My bad trip – we wanted a fascinating money saver but the night ferry was The Shining on the sea

<span>Photo: Liyao Xie/Getty Images</span>” src=”–/YXBwaWQ9aGlnaGxhbmRlcjt3PTk2MDtoPTY0MA–/–/ data-src=”–/YXBwaWQ9aGlnaGxhbmRlcjt3PTk2MDtoPTY0MA–/–/ “/></div>
<p><figcaption class=Photo: Liyao Xie/Getty Images

Like many 21-year-olds before us, we were on a tight budget when my boyfriend and I traveled to Europe in 2016. We had decided not to spend more than €100 per day for accommodation, meals and transportation. It was entirely possible during the first few weeks of our trip to Italy that we started.

We walked everywhere until we blistered and our feet bled. We’ve stayed in hotels and hostels that are described as “rural” and “enchanting” in online listings, albeit different. We’re loaded with carbohydrates to stay satiated: pastries for breakfast, panzerotti and burritos for lunch, and pizza and pasta for dinner. We were having a great time, even though the lack of fruit and vegetables was wreaking havoc on our digestive system.

But as we prepared to leave Italy and head to Croatia, our initial budget dilemma took us by surprise. Do we spend €200 per person for an hour’s flight from Rome to Split, or €110 for a 15-hour train and ferry ride? Second, we decided to give it a try, considering that it also includes a meal and overnight stay in a cabin that promises “outside views”.

Related: A local guide to Split, Croatia: a city that walks on its stomach

We arrived at “passport control”, which required a woman to take a cursory glance at our documents and direct us to stuff our luggage into the scanner. The first red flag was cobwebs in the machine. The woman took our luggage through the fixed conveyor belt and we were allowed to go to the pier.

The second red flag was how few passengers got together. The ship was huge – I then googled it and found it had over 1,000 occupancy rates – but we were about two dozen people. It was early June so it’s not peak season yet, I explained to my boyfriend.

In retrospect, most travelers probably read the horribly bad TripAdvisor reviews and stayed away. (A recent reviewer said that to reach Croatia, swimming in the Adriatic Sea or walking for days across northern Italy and Slovenia are better options than catching this ferry service.)

As we took the elevator up from the car deck to the concourse, it was as if we had jumped into a time machine, but it was unclear what age we were in. and in the middle was a curved wooden bar, surrounded by matching wooden tables and red swivel chairs.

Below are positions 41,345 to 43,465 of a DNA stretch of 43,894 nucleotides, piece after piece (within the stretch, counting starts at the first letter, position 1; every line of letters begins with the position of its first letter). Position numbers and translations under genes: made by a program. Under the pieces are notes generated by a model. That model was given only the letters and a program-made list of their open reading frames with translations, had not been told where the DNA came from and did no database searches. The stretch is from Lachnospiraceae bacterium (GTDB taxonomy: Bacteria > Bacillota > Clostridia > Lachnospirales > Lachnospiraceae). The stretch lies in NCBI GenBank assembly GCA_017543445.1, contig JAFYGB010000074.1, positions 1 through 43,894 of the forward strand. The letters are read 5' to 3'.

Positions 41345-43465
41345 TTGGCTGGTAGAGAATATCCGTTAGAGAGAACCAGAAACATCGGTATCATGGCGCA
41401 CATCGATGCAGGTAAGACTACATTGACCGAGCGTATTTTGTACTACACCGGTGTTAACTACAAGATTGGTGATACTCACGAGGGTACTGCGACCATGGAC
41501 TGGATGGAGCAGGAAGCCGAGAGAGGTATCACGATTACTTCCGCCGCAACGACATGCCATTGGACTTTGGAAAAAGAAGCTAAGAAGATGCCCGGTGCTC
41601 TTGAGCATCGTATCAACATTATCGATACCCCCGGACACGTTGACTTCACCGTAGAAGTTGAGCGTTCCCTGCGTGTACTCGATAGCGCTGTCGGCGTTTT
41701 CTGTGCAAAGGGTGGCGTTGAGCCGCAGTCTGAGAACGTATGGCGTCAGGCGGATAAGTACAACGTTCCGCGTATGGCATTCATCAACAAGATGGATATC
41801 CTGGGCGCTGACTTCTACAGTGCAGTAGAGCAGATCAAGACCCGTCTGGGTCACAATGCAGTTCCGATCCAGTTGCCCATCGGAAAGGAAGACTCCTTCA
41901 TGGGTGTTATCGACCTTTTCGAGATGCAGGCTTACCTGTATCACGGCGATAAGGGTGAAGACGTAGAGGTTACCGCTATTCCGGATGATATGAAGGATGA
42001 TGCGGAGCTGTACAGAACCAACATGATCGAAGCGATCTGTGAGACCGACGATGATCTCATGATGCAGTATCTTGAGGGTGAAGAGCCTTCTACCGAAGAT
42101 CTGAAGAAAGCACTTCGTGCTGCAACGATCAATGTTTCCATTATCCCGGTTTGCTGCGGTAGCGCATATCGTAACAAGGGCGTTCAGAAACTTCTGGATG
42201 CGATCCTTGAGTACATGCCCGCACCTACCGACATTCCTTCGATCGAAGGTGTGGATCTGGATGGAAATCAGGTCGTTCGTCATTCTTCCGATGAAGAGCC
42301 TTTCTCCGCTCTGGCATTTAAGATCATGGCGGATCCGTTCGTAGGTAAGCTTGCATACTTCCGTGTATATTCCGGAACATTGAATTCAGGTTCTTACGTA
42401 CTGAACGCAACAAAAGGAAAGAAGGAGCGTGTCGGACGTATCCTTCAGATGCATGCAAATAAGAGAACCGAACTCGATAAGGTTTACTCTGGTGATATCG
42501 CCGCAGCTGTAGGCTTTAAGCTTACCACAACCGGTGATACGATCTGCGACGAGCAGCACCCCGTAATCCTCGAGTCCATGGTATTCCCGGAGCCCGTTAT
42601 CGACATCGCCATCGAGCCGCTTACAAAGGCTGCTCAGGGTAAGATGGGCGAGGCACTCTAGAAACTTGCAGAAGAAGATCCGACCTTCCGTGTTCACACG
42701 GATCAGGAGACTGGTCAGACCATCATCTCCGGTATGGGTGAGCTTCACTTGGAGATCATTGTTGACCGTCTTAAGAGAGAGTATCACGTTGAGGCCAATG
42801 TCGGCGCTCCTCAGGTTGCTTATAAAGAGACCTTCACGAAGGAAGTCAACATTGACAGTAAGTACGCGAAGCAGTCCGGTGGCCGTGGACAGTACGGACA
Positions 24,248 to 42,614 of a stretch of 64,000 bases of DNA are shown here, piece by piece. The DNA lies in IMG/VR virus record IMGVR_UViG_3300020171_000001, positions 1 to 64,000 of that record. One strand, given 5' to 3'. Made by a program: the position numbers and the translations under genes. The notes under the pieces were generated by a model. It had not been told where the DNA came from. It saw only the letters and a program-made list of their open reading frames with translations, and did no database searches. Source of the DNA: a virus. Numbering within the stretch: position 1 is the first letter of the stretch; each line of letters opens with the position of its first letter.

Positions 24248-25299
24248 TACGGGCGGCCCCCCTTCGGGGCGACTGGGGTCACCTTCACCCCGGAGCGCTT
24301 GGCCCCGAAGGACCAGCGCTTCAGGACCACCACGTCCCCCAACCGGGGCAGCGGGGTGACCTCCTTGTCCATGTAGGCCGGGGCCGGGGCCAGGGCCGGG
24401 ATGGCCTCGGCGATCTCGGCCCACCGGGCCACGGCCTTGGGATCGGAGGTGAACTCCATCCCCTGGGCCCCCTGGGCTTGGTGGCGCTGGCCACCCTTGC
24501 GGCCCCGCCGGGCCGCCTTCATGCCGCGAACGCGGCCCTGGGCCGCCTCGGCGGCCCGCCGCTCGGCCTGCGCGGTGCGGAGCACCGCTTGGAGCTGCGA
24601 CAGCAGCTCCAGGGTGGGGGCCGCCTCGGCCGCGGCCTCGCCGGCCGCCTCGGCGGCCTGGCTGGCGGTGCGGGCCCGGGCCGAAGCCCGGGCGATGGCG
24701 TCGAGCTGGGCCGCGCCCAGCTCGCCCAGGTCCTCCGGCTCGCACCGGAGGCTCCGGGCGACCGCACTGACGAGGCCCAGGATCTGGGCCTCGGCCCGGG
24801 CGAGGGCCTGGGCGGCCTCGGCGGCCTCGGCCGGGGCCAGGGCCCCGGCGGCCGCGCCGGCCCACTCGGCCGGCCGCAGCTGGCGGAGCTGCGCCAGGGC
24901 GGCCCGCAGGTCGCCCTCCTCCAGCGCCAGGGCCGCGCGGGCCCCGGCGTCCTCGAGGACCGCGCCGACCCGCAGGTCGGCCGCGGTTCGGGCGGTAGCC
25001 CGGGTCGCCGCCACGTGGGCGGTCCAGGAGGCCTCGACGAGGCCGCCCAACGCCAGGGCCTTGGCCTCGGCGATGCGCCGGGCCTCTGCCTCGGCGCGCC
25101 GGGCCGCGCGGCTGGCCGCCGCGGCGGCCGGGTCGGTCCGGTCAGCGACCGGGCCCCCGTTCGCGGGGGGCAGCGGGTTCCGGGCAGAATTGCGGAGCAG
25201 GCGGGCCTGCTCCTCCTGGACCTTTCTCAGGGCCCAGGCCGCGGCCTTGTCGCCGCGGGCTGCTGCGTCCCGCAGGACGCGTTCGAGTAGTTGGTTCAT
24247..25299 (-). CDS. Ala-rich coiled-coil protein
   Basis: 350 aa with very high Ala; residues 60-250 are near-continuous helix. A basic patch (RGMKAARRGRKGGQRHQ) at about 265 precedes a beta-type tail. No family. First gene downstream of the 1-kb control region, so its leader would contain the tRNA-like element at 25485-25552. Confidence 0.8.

There were several old televisions bolted to the walls, and the man who went to the bar – bearing an uncanny resemblance to the Roger Moore era Bond villain Jaws – said it would be turned on to play its latest Euro game. Apparently there was wifi but we couldn’t find it.

Related: Summer vacation: Is it cheaper to go to England, France or Spain?

In the adjoining room was a cafeteria with linoleum floors and matching blue plastic chairs with blue plastic tablecloths, and we ate the only meal served here: a very sloppy spaghetti bolognese served on a steel platter.

Later we learned that there was a dining room with white tablecloths and three kinds of leather chairs, although no one ate there. There was a ballroom nearby, with a disco ball and bright, colorful lights to match the music, but there was no one on the dance floor. I can’t even begin to describe the bathrooms.

The hallway to our cabin was similarly empty, with a bunk bed, a plastic-covered window that obscured the “outside view”, and a hand shower that hung over the toilet. The only staff we saw during the trip were Jaws and the two people working in the cafeteria. The music playing throughout the ship was in a loop.

“I feel like we’re in The Shining,” my boyfriend whispered to me, even though there was no one else around. We were on the boat for less than two hours.

We went back to the living room and watched Euros on the grainy TV – under the watchful eye of Jaws – and then decided to sleep in our cabin. We put a chair at the door for security purposes, but all we could do was warn us of the impending doom, because we had nowhere to run.

We got through the evening, skipped breakfast at the cafeteria and went not to Split but to Zadar, where we were taken by a taxi driver to the bus station in five minutes by car, after which we had to pay extra to put our luggage in the car. bus.

We are planning another trip to Europe this year. We loosened the budget and banned night ferries.

Leave a Reply

Your email address will not be published. Required fields are marked *